The door control program of FIG. 5 may return to the executive through a transfer point 16, and then a door health routine 17, including a safety relay subroutine 18, as in the aforementioned application of Doane, Deric and Roberts, monitors certain conditions indicative of the health of the door operation function, and sets and monitors safety relays that may absolutely inhibit the car motion or door motion in dependence upon the safety conditions of the subroutine 17 or in dependence upon conditions in the operation controller. Normally, the door health subroutine 17, 18 will be performed following the door control routine, in each case. Completion of all of the door control functions will cause return to the executive program through a transfer point 19.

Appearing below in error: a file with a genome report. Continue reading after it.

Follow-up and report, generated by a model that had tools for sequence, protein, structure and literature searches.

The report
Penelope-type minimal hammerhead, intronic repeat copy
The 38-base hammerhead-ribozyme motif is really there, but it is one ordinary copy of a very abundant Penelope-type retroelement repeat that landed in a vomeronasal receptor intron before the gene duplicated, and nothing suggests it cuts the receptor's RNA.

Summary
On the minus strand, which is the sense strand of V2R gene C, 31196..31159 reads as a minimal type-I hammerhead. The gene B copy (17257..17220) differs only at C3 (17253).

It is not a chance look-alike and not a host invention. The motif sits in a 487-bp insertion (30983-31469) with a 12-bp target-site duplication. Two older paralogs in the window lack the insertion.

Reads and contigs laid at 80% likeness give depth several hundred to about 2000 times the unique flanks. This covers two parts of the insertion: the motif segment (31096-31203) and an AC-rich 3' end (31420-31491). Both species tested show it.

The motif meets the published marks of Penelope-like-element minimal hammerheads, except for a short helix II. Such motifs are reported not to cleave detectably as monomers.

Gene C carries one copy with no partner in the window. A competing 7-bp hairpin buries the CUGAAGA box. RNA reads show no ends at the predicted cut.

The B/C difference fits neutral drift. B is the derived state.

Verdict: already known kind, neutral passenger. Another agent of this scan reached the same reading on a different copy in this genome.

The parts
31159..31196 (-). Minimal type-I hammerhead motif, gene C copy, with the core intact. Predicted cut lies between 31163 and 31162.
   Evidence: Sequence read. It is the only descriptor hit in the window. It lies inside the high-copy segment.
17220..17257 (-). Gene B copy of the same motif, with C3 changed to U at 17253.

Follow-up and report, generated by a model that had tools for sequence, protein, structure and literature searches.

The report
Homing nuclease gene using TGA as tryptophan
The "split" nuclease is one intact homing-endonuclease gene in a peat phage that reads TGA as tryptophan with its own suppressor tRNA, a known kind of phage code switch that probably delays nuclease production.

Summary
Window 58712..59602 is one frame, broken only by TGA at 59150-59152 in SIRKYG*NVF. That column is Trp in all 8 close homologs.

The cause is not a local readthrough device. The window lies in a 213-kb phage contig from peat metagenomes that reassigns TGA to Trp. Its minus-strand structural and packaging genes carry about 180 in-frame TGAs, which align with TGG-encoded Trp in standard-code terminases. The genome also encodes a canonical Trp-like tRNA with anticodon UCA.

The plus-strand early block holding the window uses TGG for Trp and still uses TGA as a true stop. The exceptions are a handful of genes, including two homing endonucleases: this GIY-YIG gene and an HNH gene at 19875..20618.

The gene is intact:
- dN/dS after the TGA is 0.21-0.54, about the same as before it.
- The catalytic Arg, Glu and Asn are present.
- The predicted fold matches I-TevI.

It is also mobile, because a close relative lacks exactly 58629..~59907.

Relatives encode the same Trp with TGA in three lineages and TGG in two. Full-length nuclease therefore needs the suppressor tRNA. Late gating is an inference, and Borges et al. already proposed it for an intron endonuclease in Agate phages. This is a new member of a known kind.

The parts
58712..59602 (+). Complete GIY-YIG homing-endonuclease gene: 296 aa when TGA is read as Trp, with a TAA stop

Referring now to FIG. 6, the initiation subroutine is entered through an entry point 1. In test 2, any one of three different errors relating to the door amplifier, the transducer sum or excessive initiation time will cause the door control routine to be bypassed through a return point 3. The indications of these errors are all generated in a door health subroutine described with respect to FIG. 5, hereinbefore. But if this test fails, indicating that there is no error, a test 4 determines whether there is a partial initiation in progress. If not, a test 5 determines whether initiation is requested (which occurs during power up, as is described hereinbefore). If there is an initiation request, a step 6 establishes that a position-controlled velocity profile should be utilized, rather than a time-controlled velocity profile. Then, in a step 7, a command to close the doors is made, thus ensuring that the doors will remain closed if they are, or causing the direction to be toward closing if they are not fully closed at start-up. And, in step 8, the transducer sum (the accumulation of door position transducer bits) is set to zero, so that the position controlled velocity (step 6), in the closing direction (step 7) will be at the nearly-closed bench velocity (very slow, such as 4 cm/s, and therefore will be safe, regardless of original door position and/or transducer setting. With these tasks complete, that fact is indicated by setting a final initialization flag in step 9.